"In about a year we'll start having data. If and when that happens, this will be the first compound to receive FDA approval for agitation in absence of psychosis in Alzheimer's," said Grossberg.

Differences in Compounds

As reported by Medscape Medical News, the FDA issued a warning in 2016 about the atypical antipsychotic aripiprazole (Abilify, Otsuka), noting that its use was associated with problems concerning impulse control.

Asked about similarities between the two drugs, Grossberg said that brexpiprazole, a serotonin-dopamine activity modulator, has a different mechanism of action.

"The scientists who developed aripiprazole went back to the laboratory, took the chemical moiety, and tweaked it to configure the compound so that it doesn't have the agitation, the akathisia, the impulsivity," he reported.

"It's different dosing and a different compound, but obviously it has similarities to the parent compound," he said.

The antipsychotic is a partial agonist at serotonin 5-HT1A and dopamine D2 receptors and is an antagonist at serotonin 5-HT2A and noradrenaline receptors, "all at subnanomolar potency," note the investigators.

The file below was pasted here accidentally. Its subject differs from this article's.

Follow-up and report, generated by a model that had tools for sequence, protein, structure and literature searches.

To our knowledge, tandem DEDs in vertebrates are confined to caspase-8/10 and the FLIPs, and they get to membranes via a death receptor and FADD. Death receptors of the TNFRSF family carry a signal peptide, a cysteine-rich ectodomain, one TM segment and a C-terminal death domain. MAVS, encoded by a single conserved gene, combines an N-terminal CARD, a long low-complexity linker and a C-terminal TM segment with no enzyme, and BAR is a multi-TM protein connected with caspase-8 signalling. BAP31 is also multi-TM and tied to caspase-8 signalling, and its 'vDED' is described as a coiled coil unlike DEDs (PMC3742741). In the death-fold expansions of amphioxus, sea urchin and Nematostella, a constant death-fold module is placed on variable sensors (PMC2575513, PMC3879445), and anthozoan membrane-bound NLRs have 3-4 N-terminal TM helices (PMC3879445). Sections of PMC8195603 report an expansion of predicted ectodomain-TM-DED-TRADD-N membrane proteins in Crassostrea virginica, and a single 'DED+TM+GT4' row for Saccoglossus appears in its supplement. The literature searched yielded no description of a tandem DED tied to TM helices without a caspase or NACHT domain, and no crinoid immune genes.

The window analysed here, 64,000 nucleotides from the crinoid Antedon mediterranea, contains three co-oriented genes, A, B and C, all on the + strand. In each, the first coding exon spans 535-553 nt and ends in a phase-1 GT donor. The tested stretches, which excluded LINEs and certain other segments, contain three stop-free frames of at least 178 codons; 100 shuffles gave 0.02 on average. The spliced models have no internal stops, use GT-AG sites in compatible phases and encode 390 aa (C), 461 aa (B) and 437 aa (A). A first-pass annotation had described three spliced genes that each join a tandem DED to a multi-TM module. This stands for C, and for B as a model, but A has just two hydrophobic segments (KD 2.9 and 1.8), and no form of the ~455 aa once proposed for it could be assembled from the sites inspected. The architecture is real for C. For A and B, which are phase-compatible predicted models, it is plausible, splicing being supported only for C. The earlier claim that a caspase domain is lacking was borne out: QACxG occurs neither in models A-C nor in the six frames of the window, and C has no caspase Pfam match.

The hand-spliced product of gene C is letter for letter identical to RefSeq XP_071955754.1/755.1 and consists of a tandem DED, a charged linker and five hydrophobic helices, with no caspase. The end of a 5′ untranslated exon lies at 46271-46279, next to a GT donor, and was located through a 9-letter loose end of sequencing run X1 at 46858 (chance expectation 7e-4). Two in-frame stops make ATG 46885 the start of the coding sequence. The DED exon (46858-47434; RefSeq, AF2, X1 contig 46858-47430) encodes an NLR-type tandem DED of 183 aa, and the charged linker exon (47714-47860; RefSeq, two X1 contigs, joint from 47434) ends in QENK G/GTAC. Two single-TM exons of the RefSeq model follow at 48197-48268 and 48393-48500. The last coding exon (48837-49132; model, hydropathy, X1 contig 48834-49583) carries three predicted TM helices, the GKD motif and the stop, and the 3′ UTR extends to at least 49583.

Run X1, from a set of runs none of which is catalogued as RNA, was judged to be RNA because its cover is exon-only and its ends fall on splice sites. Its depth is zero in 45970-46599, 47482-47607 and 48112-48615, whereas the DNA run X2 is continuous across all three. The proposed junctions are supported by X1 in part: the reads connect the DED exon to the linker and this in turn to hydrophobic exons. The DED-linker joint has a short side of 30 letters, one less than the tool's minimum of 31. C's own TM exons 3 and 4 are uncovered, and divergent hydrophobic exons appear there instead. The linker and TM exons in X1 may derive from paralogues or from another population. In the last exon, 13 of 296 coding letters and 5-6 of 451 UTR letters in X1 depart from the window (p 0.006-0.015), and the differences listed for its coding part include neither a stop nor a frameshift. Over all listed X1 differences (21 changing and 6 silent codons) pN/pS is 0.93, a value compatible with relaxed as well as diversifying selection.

"It is hypothesized that the partial agonist and antagonist activities of brexpiprazole at multiple serotonergic, dopaminergic, and noradrenergic receptor systems may have a therapeutic benefit" in AD-related agitation, they write.

The FDA approved brexpiprazole in July 2015 as a treatment for schizophrenia and as an adjunctive treatment with an antidepressant for major depressive disorder. Health Canada and the Department of Health in Australia approved it for the treatment of schizophrenia in 2017.

"It is estimated that agitation symptoms affect nearly 50% or more of patients with [AD] observed over a multiyear period," reported the manufacturers in a recent press release.

However, currently no drugs are indicated for the treatment of agitation, so "clinicians use multiple classes of compounds with limited empirical data and no instructions for use," write the researchers.